“When we come together, it’s powerful.”
Compared to previous years, the sense you get when you watch the Pink Dot 2014 campaign video is more celebratory than sombre. We do have much to be proud of – the LGBT community in Singapore has come a long way.
The optimism in the video isn’t long-lived. Any LGBT campaign video will show you how dangerous stigmatization and intolerance can be. We’ve outdone ourselves by leaps and bounds, but less can be said about the micro-aggressions that members of the LGBT community still continue to face everyday.
Whether it is sniggering at the transsexual dining at the table across from you, avoiding the seat next to the sissy on the bus, or curiously gawking at that gay couple holding hands in the supermarket, homo- and transsexual people have to deal with so much more than just their own sexuality.
They live their lives knowing that there are people out there who fiercely resist and are unable to deal with the choices they make. The choice to love freely and without fear.
When you don your pink at Hong Lim Park on the 28th of June, you’re not just expressing your support for your gay friend, or for your transgender colleague. It’s more than that – you and the rest of this growing body of Singaporeans are living proof that the freedom to love is an universal right and should be denied to no one.
What does the freedom to love mean to you?
For me, it means never having to apologize for any of my decisions. It means not having to be afraid to look at my parents’ face and have to see disappointment when I bring my partner home.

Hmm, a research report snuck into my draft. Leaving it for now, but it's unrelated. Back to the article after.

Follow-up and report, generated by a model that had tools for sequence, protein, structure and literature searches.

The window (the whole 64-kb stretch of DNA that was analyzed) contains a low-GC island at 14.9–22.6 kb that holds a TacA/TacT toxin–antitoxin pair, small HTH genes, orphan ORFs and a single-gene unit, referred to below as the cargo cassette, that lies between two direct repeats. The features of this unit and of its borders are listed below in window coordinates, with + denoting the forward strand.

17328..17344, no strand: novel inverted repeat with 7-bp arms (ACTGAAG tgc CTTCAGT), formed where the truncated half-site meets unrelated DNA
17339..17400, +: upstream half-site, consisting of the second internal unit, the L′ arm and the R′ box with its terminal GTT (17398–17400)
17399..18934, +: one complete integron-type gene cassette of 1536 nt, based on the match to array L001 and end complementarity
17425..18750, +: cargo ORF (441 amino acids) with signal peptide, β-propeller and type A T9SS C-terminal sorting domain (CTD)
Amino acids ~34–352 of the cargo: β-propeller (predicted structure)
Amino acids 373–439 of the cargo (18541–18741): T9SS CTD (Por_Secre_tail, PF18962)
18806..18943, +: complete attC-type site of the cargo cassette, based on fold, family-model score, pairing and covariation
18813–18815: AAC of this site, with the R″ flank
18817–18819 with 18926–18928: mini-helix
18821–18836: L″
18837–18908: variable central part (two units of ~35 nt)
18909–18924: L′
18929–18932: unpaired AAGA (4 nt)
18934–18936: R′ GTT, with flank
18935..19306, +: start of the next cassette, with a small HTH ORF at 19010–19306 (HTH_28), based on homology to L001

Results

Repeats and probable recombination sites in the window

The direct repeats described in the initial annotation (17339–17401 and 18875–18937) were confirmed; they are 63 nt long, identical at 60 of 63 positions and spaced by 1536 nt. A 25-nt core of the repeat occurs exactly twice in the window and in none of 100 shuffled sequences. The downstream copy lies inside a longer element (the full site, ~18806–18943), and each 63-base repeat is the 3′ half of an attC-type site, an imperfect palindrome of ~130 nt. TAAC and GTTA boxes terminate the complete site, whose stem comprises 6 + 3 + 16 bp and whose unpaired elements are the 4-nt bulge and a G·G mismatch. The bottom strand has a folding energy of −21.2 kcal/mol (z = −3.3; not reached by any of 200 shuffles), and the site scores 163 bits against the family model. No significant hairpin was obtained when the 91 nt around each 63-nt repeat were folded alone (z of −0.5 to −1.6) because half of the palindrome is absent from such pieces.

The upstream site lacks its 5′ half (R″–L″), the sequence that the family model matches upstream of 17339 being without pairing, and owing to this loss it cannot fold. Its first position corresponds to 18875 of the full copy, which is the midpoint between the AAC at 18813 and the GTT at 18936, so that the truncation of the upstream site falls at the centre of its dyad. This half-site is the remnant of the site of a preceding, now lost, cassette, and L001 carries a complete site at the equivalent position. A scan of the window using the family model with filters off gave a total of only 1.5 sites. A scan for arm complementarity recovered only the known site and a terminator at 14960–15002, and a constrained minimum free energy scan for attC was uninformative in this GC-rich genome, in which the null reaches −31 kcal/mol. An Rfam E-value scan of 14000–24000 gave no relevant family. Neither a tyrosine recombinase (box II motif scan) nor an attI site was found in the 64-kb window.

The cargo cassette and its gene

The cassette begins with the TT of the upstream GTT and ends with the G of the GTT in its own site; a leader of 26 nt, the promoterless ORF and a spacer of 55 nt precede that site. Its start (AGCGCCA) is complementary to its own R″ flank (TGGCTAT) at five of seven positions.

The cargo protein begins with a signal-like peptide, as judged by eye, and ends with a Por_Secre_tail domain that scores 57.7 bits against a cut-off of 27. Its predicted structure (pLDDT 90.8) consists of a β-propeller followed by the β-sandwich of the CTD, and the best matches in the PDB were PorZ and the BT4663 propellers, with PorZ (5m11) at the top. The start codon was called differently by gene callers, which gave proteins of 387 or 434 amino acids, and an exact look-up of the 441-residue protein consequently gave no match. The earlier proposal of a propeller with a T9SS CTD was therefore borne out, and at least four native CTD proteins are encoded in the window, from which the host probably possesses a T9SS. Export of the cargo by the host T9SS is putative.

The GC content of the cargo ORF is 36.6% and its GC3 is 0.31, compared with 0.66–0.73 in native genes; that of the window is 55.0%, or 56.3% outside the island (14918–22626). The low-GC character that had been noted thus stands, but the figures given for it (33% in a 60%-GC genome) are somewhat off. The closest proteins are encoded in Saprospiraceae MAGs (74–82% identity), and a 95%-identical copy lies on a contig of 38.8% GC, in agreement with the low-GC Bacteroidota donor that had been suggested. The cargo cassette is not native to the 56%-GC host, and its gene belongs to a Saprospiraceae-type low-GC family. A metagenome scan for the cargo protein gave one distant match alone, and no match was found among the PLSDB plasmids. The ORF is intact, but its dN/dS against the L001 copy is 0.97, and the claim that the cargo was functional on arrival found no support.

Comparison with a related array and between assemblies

It also means that my gay friend never has to worry about being labelled ‘sick’ by her own mother when she holds her girlfriend’s hands. It means not having to see a psychiatrist if you come out, because homo- and transsexuality are not diseases.
The freedom to love is to not let who you love determine the kind of person that you are.
Be a part of this empowering movement
If you, too, believe in the freedom to love whoever and however you want, join us at Pink Dot 2014 alongside ambassadors Sebastian Tan, Janice Koh and Brendon Fernandez for an evening of love, equality and hope.
This year’s event introduces a pre-concert segment where you hear personal stories and triumphs from members of the LGBT community. This in itself should be a good reason to head down to Pink Dot 2014. How often do people speak openly about their deepest hopes and fears? Their voices will also serve as encouragement to those of us still apprehensive or battling issues about our sexuality.
Don’t forget to participate in the traditional Pink Dot formation, where Singaporeans come together to shine pink lights that symbolize acceptance, diversity and the freedom to love.
See you at 5PM at Hong Lim Park, on the 28th of June 2014!
Visit Pink Dot to find out more about what they do, and their contributions towards the LGBT community here in Singapore.